Convection And Moisture EXperiment



SSEC researchers will participate in the third Convection And Moisture EXperiment (CAMEX) which focuses on hurricane development. The SSEC Atmospheric Emitted Radiance Interferometer (AERI) travels to the Bahamas for the experiment while the Scanning High resolution Interferometer Sounder (S-HIS) flies out of Patrick AFB, Florida on NASA’s DC-8 aircraft. Scientists hope to learn more about how hurricanes are formed and grow by studying water vapor and rainfall development. CAMEX-3 lasts from August 5 till the end of September.

The GOES Gallery of interesting satellite images features tranverse cirrus bands on the northern edge of a storm moving across the Great Plains. Transverse cirrus bands are seen as sets of cirrus clouds grouped closely parallel to each other and are often satellite signatures of high-altitude turbulence. Indeed, several reports of moderate turbulence were received from aircraft flying between 33,000 and 39,000 feet across eastern South Dakota, southern Minnesota, and northwestern Wisconsin as these cloud bands formed.
Eagle Heights Gardens

Bob Gifford, a graduate student with John Anderson (SSEC Associate Director), manages a Web site for Eagle Heights Community Gardens. The gardens are adjacent to UW-Madison’s Eagle Heights Student Apartments and close to Picnic Point. The Web site is noted in Bookmarks, a column in DoIT Now, May 1998. Bookmarks stated that the “site is a great example of using the Web as a tool for an already existing cooperative environment.”

Teaching and Outreach

For More Information

Web site for DPS 1998

Madison and the Space Science and Engineering Center are hosting the 30th Annual Meeting of the Division for Planetary Sciences of the American Astronomical Society. Space Outlook, newsletter of the Wisconsin Space Grant Consortium, advertises the event in its July 1998 issue in a full-page spread. Sanjay Limaye is SSEC’s coordinator for the event, to be held at the Monona Terrace Convention Center from October 11–16.

Summer Workshop

Space Outlook also lists the past year’s awards given by the WSGC. Steve Ackerman received an Aerospace Outreach award for the CIMSS summer workshop in atmospheric, earth, and space science. This year the workshop, held at UW–Madison from August 3-6 for Wisconsin high school students and their teachers, focuses on using the Earth Observing System.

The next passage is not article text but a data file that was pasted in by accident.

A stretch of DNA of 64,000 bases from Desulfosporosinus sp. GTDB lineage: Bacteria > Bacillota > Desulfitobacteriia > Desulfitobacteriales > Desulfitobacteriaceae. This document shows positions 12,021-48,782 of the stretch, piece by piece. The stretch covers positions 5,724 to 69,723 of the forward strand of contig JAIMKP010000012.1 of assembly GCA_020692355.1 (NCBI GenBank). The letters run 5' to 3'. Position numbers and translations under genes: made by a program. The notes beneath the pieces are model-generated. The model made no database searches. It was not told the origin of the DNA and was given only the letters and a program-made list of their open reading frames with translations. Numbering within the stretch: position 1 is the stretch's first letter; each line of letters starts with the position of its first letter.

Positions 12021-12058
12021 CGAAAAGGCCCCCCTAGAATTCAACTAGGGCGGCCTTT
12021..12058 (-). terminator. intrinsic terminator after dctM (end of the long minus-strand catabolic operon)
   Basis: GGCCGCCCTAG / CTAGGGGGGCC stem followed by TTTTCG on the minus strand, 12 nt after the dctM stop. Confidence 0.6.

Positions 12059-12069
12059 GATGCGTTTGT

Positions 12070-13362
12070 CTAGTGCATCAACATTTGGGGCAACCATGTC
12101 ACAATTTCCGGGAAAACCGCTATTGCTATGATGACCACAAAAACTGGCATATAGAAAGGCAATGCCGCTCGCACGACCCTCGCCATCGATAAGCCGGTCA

Sanjay Limaye also received an outreach award for Space Exploration 1998, a public exhibition to be given during the DPS meeting in October. The exhibition will include displays, models and posters related to recent solar system exploration. Schools are encouraged to schedule tours through the DPS Web site.

Milwaukee Public Schools


Milwaukee Public Schools held a briefing for the governor and state media for their “virtual summer school” program, featuring Sanjay Limaye’s Space Exploration Program, on July 30. Sanjay and Rose Pertzborn gave the program to Milwaukee middle school students and teachers in July. Rose and Sanjay’s program featured the Mars Rover model, which teams of students built from special Legos and wired to roam about on the surface of their own Mars habitat.

New and Cool

For More Information

CIMSS GOES Biomass Burning Monitoring Program

The updated CIMSS Biomass Burning Monitoring Page presents current fire products for South America, including an on-line archive of monitoring results for 1995 and 1997. The site focuses on fire changes throughout the day and features other interesting uses of monitoring biomass burning with geostationary satellites. In the Cooperative Institute for Meteorological Satellite Studies, the biomass burning monitor team consists of Elaine Prins, Joleen Feltz, and Paul Menzel.
Direct comments, questions, and information about other SSEC media appearances to Terri Gregory, SSEC's Public Information Specialist. For information about past media appearances, visit SSEC In the News page.